Tuesday, September 22, 2009

How the mighty has fallen

In the early 1960s I lived in Montreal, having been transferred there from Toronto by the oil company for which I worked. At that time, I saw the move as very positive as I would be living in Canada’s largest most sophisticated city—the commercial centre of Canada where most of the power and influence of our nation were located. Back then, Toronto was a rather staid, unsophisticated regional centre with national influence running a poor second to its Quebec counterpart.

It was, therefore, with a pang of sadness that, as I roamed the news pages today, my eye caught the last sentence of the last paragraph of a story in the Globe and Mail. I read, “Montreal, meanwhile, came in at 32 which was a slip of six positions.”

The story was about the ranking of financial centres and bemoaned the fact that Toronto wasn’t seen to have the horsepower that it once had. Apparently, the Global Financial Sectors Index—a survey of financial workers from around the world—showed Toronto had slipped a spot to 13th in this year’s rankings.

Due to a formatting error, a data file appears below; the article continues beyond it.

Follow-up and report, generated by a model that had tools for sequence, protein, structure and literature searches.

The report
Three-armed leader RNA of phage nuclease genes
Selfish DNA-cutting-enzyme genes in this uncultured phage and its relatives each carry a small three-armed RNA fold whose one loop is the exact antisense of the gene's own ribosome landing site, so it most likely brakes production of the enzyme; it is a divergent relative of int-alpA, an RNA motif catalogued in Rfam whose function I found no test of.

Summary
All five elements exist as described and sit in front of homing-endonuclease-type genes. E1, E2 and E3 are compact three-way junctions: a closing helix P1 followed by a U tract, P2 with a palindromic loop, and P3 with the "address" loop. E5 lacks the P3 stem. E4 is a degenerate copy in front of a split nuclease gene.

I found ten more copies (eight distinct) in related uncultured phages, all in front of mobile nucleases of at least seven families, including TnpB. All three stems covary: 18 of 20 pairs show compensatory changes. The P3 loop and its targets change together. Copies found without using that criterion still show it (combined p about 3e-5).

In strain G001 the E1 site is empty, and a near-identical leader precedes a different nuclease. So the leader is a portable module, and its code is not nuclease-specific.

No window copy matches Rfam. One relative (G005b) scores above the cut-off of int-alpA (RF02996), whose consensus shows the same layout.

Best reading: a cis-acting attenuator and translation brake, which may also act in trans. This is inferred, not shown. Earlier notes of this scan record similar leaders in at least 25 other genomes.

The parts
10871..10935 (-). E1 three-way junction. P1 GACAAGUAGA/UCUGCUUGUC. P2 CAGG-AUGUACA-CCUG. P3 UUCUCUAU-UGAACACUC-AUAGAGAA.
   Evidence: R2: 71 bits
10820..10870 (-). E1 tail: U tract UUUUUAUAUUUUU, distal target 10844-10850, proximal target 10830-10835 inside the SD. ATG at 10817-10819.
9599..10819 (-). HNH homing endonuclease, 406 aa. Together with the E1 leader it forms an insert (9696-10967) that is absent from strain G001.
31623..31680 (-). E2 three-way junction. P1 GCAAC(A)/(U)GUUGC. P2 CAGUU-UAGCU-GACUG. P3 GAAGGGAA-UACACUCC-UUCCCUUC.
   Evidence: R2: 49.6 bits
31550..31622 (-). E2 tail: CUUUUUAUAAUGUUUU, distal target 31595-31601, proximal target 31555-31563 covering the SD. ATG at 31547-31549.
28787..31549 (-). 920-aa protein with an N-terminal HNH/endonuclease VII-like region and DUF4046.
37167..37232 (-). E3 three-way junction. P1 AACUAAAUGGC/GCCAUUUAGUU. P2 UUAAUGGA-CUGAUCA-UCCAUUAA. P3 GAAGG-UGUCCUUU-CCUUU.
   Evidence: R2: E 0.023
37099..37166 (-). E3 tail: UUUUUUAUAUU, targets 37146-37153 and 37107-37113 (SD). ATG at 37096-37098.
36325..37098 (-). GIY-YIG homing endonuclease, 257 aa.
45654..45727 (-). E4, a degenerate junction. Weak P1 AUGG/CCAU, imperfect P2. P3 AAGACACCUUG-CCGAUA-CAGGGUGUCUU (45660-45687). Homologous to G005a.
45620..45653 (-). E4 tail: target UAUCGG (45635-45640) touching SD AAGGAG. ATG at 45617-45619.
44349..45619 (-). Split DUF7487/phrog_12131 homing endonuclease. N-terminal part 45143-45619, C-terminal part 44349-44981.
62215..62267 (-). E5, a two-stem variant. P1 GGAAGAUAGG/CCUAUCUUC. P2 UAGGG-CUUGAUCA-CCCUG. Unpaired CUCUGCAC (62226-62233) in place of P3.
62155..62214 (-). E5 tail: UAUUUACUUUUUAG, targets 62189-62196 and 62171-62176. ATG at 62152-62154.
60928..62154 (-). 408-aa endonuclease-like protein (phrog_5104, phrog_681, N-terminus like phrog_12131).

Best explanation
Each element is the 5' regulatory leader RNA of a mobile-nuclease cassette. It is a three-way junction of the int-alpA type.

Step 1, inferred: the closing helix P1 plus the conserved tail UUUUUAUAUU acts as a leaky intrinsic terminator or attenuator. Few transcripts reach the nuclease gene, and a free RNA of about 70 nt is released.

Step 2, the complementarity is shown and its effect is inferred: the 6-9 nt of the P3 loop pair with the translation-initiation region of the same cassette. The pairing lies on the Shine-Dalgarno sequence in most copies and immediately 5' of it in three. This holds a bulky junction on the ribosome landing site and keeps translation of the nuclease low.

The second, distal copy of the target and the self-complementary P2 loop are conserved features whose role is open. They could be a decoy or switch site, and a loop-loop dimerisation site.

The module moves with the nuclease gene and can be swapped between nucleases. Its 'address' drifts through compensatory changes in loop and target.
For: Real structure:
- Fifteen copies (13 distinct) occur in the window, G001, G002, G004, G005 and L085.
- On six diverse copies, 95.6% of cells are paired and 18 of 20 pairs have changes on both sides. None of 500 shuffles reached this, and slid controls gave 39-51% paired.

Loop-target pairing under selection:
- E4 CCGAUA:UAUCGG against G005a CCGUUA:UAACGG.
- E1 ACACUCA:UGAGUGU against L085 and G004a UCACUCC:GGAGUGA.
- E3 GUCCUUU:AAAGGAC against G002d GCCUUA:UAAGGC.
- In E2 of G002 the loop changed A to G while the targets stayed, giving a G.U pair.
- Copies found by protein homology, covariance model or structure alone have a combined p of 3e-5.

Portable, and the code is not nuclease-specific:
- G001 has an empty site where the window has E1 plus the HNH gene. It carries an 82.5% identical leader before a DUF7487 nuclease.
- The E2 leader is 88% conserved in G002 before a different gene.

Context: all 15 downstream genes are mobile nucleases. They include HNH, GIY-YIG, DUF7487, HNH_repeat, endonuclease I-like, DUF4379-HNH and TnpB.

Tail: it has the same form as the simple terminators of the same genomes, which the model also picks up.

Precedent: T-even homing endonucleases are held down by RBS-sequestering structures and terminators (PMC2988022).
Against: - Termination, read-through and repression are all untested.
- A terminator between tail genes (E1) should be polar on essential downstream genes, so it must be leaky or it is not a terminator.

How really sad that after slipping a spot, Toronto should still be a country mile ahead of Montreal in the index. Not even a mention of Montreal until the very last sentence of the very last paragraph.

So far have Montreal’s fortunes as a financial centre fallen, that what little financial influence it now has is owed partly to our country political imperative of having a presence in Quebec. On its own merit, Montreal is a minor player on our national stage and world stage, with even upstart Vancouver edging it out by three positions.

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© 2009 Russell G. Campbell
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  1. Montreal's decline is similar to Quebec's decline as many anglophones & alophones have left because of that provinces anti english laws.

  2. Self inflicted wound... probably terminal. Oh well.

  3. Wouldn't you agree that Toronto is increasingly becoming a government dependent left wing city? It seems that Toronto is slowly but surely evolving into a new Montreal.

  4. I don't get your point, Blame Crash. Toronto has been a left-wing city for the past two or three decades, but I don't see how it's evolving into a new Montreal--the two cities couldn't be much more different. And how is Toronto more government dependent than it's been for decades?

  5. I don’t know any city where shabbiness and dilapidation is so admired, even glorified and elevated to something charming picturesque.